As I prepare this article I cannot help but notice that the days are definitely getting shorter. The temperatures are a bit cooler and the fields and trees are taking on the colorful hues of fall. Although summer officially lasts three more weeks, the “back to school” reality seems to mark the unofficial end to summer and the beginning of fall.
The last weeks of August and the early days of September have provided me with a variety of occasions to visit parishes, enjoy my brother priests, reconnect with friends from the past, bury a dear friend, meet with people whose ministry is vital to the mission of the Church and mark the beginning of a new academic year.
On August 18, I celebrated Mass at Our Lady of Good Counsel in Verona to mark the 100th anniversary of the founding of the parish. It was a wonderful opportunity to pray with a vibrant, faith-filled community and to enjoy their company during the luncheon following.
Why do we celebrate anniversaries? An anniversary marks the date on which a significant personal or communal event has occurred. In celebrating anniversaries, we deepen our appreciation for those events and carry forward the good — and often challenging — things that have flowed from them.
An anniversary of a church challenges us to recall what is essential. The bricks and mortar and wood of a church are a testimony to the faith of the people who built them. But an anniversary acknowledges more than a building. An anniversary is a much-needed reminder that it is the priests and people of a parish, the “living stones” who hand on the faith from generation to generation, that are remembered fondly at the anniversary.
On August 20, I traveled to the Southern Tier for a clergy picnic at the McDevitt Residence. Prayer, a cook-out and relaxed conversation with my brother priests made for a pleasant evening. I enjoy these and similar gatherings that bring our priests together. Fraternal bonds are renewed and strengthened on such occasions.
August 23 found me in the pastoral center in Rochester. From there I continued to travel west to Buffalo for a few vacation days with family and friends. During my stay in Buffalo, I attended another anniversary.
The Sisters of St. Mary of Namur celebrated their 150th anniversary of arrival in the United States on August 27, and I was invited to concelebrate the Mass and speak at the dinner. Mother Emilie and four other Sisters of St. Mary of Namur arrived in North America on August 27, 1863. Divine Providence brought the Sisters to Lockport, where they cared for and educated the immigrant population. Their ministry of Catholic education expanded to Buffalo and eventually to the suburb of Kenmore.
My connection to the Sisters goes back (not quite 150 years) to my elementary school days. They taught me when I was a student at St. John the Baptist School in Kenmore. I have fond memories of those years and of the Sisters. Although most of them have gone home to God, I was delighted to reconnect with Sister Mary Oliver who took me through Voyages in English and the lost art of grammar in Grade 4 and introduced me to long division.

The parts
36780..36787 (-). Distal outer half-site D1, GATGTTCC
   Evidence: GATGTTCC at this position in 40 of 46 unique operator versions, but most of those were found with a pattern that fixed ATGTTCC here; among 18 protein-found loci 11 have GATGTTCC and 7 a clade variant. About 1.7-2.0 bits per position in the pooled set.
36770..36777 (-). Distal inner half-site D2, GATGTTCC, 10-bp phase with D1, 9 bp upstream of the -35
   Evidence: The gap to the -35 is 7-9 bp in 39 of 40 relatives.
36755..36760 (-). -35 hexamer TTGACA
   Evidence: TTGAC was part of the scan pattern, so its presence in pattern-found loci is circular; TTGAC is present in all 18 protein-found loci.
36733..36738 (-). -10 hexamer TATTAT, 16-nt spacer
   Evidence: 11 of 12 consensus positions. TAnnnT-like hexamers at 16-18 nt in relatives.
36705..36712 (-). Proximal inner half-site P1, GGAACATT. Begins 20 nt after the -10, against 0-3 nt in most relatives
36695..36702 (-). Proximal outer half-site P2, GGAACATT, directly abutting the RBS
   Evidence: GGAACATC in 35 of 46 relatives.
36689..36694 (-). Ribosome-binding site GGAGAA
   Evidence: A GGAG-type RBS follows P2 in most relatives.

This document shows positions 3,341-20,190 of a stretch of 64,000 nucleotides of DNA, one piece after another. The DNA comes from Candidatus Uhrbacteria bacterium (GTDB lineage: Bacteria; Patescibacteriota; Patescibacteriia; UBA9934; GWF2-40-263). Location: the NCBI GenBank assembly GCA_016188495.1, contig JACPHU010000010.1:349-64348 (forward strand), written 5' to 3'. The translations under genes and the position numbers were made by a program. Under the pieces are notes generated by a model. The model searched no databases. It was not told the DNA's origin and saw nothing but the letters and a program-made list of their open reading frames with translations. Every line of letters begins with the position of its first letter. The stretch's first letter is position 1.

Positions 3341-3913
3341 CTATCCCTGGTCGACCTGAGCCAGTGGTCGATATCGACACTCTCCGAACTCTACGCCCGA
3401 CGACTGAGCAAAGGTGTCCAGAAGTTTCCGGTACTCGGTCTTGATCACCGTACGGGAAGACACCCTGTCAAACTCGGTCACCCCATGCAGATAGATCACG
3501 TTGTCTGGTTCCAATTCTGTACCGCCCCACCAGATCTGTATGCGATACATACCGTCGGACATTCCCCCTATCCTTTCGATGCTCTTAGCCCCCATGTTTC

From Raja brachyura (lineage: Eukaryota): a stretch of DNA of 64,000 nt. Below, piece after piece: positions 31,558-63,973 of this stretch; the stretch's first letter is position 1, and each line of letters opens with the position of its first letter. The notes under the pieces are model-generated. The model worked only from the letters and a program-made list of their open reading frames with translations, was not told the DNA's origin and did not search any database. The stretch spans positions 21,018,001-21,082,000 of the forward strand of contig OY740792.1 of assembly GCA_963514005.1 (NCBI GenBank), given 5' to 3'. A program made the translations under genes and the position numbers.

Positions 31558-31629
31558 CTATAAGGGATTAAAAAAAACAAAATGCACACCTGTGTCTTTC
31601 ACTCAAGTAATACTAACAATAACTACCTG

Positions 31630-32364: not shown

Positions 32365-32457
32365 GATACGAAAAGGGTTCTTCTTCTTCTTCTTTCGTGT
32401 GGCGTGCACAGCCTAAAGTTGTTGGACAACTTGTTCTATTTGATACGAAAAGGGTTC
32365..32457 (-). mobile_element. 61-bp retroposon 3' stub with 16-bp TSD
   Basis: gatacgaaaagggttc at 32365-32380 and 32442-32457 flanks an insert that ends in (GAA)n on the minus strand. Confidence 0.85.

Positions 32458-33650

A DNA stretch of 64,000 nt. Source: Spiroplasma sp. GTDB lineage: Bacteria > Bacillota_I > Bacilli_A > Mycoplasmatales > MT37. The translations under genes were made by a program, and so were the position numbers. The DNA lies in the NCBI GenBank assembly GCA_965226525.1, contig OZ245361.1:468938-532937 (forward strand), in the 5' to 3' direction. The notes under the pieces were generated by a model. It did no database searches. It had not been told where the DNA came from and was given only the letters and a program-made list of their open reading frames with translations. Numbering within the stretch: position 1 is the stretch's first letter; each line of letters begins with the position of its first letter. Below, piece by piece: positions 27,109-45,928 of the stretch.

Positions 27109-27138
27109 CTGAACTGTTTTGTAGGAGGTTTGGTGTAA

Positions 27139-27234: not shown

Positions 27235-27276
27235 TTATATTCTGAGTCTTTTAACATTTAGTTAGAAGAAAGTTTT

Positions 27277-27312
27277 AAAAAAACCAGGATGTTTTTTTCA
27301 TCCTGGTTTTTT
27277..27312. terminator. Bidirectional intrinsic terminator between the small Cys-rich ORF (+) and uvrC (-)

As with any anniversary, the celebration invited us to look “backwards” and recall the numerous ways in which God guided and inspired the Sisters, especially in their service to the poor. A glance at the past reminds us that God is ever with us and calls us to look toward the future. God’s providential presence is not confined to the past. What God did in the past He will continue to do in the future.
September 3 was a memorable day. I began with the celebration of Mass with our Catholic school administrators and over 900 Catholic school teachers at Holy Cross Church in DeWitt. Our Catholic school administrators and teachers play a vital role in our effort to pass on our faith to the children and young people entrusted to their care.
Our schools are sacred places where students encounter the living God in Jesus Christ. No school, however, can become that special place unless the people who work there have encountered the living God in Jesus Christ. A building cannot communicate this personal encounter. Only a faith community composed of living witnesses who are disciples of Christ can do this. My homily on this occasion appeared in last week’s Catholic Sun.
After the Mass with the teachers, I traveled north to the Diocese of Ogdensburg and the funeral liturgy for Msgr. Robert Lawler. Monsignor was a remarkable priest and a dear friend. He served as Vicar General for four bishops, and the priests of the diocese chose him twice to be the Diocesan Administrator. Although I had heard of the high regard in which Monsignor was held in Ogdensburg before I was named bishop, I remember with gratitude and affection how he welcomed me warmly in the first phone call and pledged anew his service to assist me, a new bishop. I relied upon his wise counsel and friendship and was honored to preach the homily at his funeral.
One more event rounds out the last few weeks. On Wednesday, September 4, I celebrated the Mass of the Holy Spirit for the faculty, staff and students at Le Moyne College. When I arrived in Syracuse, I was told that Bishop Foery had begun this tradition in the early days of the college. Dr. Pestello and the college administration hoped that I would continue to do this and I happily agreed. It is a special joy to see the college community in prayer at the start of another academic year.
The transition from summer to fall is in full swing. I pray that these days will be filled with all good things for you and your families.
If you have a prayer intention you would like me to consider during the weeks ahead, please mail it to my attention at 240 E. Onondaga St., Syracuse, N.Y. 13202.